When homeowners agree to buy a property and live in a home that’s part of a community association, they agree to follow the rules and regulations set forth by that association.
But, what happens if someone in the community violates or breaks a rule?
A Homeowners Association (HOA) Board is responsible for enforcing compliance with those rules. However, it can be difficult for owner members of the Board to tell their neighbor to change their behavior or remove something from their lawn/building without it being taken personally…plus with the property inspections, notifications, phone calls, etc. take a fair amount of time to handle. If a Board wants to smooth out the violation process it is highly recommended that they engage the services of a management company to do periodic inspections and communicate with homeowners regarding infractions and escalate them to the Board when there is not an easy resolution. Whether Board or professionally managed there are three general steps to take when handling violations, and we recommend you start with a simple notice before escalating to anything more serious.
Send a Courtesy Notice
This notice typically is sent to make an owner aware that something they did, are doing, or their property needs an improvement is not meeting the community standard as defined in the governing documents. This notice should be in the spirit to remind owners of their obligation to the Association and that the community has a responsibility to keep a certain level of care and maintenance. If this notice does not instill a correction of the violation within a reasonable amount of time the issue is escalated.
Send a Notice and Impose a Fine
The next step of defense for HOA Boards who have to enforce their rules is a fine. All residents in the community should have access to a list of fines associated with rules that are not followed. So, it won’t be much of a surprise when a homeowner receives a notice that a fine has been levied. Make sure the fine is reasonable, and make sure it doesn’t contradict the community’s governing documents or any of your state’s laws. For example, a $1,000 fine for swimming in the community pool after hours is a bit excessive.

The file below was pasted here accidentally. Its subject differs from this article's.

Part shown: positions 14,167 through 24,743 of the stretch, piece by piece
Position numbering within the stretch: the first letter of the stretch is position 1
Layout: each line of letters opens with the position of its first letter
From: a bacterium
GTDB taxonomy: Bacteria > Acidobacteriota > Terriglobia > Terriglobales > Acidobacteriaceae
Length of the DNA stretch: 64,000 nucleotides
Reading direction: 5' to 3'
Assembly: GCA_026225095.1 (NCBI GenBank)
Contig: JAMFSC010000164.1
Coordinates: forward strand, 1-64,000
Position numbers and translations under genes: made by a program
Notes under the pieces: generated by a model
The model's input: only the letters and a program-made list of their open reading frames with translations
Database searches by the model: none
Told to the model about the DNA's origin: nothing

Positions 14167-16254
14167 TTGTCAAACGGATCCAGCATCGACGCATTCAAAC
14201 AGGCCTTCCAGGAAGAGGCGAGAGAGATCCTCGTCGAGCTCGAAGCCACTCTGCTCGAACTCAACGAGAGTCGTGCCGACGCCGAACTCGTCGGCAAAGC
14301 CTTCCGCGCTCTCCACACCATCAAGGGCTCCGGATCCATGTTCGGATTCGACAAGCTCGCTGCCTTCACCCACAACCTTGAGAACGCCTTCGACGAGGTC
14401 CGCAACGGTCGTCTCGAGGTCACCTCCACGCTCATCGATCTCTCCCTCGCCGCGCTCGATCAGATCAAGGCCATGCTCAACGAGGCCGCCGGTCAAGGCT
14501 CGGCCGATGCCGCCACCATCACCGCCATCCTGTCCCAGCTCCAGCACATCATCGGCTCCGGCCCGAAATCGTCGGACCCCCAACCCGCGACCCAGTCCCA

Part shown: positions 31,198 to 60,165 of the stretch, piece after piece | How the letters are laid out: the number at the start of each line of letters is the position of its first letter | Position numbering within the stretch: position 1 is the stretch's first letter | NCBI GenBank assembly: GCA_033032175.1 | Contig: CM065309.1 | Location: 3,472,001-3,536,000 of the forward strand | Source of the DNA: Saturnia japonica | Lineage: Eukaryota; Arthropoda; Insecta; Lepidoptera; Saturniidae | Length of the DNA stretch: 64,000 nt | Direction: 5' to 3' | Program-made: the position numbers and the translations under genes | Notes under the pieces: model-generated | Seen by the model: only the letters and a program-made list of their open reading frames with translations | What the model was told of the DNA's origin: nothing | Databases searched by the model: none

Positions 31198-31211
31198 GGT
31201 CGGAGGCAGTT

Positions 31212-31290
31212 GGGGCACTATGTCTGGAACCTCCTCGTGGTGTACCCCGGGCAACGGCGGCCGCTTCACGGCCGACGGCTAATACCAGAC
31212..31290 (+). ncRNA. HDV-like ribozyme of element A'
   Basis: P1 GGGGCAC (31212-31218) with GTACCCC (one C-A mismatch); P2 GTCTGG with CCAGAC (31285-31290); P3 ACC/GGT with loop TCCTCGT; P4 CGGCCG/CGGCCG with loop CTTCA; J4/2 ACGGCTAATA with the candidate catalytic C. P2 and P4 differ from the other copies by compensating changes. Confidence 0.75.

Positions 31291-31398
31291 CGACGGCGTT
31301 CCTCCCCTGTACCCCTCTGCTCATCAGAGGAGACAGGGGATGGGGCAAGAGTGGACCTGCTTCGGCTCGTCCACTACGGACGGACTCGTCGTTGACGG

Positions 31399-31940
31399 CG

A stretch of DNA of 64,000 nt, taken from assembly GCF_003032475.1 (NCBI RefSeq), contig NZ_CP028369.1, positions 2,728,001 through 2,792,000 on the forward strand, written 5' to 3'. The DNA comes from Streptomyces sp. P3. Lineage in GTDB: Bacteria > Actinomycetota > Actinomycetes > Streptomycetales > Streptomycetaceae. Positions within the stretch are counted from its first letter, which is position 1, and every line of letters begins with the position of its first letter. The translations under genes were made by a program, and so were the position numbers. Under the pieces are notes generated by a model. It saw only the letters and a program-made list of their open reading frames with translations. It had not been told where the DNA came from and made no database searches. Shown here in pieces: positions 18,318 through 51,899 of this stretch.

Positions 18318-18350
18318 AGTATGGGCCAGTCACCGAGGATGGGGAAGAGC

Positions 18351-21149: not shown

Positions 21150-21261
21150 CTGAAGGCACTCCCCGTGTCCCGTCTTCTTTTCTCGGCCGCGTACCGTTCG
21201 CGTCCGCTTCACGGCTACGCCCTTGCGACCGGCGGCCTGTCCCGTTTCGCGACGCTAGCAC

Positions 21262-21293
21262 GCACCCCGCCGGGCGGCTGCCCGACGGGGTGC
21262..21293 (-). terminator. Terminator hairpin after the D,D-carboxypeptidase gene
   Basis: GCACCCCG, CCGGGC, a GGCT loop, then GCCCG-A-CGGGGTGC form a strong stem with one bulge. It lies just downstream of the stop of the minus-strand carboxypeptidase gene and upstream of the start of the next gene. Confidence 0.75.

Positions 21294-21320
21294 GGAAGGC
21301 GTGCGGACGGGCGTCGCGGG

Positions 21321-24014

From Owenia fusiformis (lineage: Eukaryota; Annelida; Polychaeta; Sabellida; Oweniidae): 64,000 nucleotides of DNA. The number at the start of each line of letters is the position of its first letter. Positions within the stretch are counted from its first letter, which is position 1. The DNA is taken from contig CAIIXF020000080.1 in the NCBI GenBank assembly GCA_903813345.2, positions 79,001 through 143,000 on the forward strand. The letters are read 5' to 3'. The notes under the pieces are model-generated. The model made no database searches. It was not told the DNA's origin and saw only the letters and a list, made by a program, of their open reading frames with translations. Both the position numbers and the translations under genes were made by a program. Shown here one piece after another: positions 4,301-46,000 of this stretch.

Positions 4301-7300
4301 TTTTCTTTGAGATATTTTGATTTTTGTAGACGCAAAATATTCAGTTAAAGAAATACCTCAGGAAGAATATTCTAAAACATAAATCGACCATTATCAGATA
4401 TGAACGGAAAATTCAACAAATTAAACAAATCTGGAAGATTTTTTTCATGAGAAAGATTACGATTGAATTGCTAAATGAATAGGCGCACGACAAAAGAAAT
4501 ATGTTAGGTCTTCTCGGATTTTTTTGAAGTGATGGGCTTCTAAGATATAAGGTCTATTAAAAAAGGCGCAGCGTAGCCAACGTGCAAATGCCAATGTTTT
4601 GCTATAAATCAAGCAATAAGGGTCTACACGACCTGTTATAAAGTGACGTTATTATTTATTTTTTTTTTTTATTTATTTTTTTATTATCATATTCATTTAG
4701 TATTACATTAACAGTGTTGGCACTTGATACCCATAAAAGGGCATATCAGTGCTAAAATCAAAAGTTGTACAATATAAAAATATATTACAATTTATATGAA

It’s a good idea to have a written process that defines how fines are charged and collected. You don’t want to provide an opportunity for your homeowners to ignore or challenge the fines based on inconsistencies or irregularities. Put all of these consequences in writing so homeowners know what to expect.
When you send the notice, indicate the amount of the fine, what it’s for, and what the deadline for payment is.
Restricting Access to Homeowners in Violation
Another way to enforce rules is to limit or deny access to community amenities when a homeowner violates the community’s code of conduct or rules and regulations. For example, the resident who misused the pool may have pool privileges revoked. HOAs may be able to suspend a homeowner’s right to vote on matters of procedure or action until the violation has been taken care of. This is especially useful if a fine has been charged but remains unpaid.
Seek managerial or legal opinions before acting, because they can often violate state law and really escalate a situation within your community. If the dues your residents pay include utilities, it may seem reasonable to shut off the utilities until the violation has been remedied. But, if that household includes children, elderly residents, or people who are medically dependent upon things like electricity or water, you could run into some serious consequences for the owner and Association. Make sure the Board has the legal authority (whether via the governing document, state statutes, case law, etc. before taking any action.
Offer the owner an opportunity to meet with the Board to discuss the violation. This meeting will allow the Board to better understand the owner’s needs and the owner to learn more about the community’s need to manage the Association based on the governing documents. This is a great opportunity to find the compromise need to amicably resolve the problem.
Filing for Legal Action in Court
A final option for HOA Boards is to pursue relief through the courts. If you have exhausted every other means of holding a resident accountable to the association rules and they refuse to remedy the situation, talk to your Association’s attorney. Mediation and arbitration may also be an option in finding a resolution.
The authority held by HOA Boards varies widely throughout communities. Make sure you’re clear on what you can and cannot do while enforcing your rules and imposing fines. Also make sure your Board has been consistent in addressing all violations so that the Board is not in the position of having to explain why they enforce one rule and look past others. If you have any questions, get some expert advice from a management company. You can contact us at Community Property Management at any time.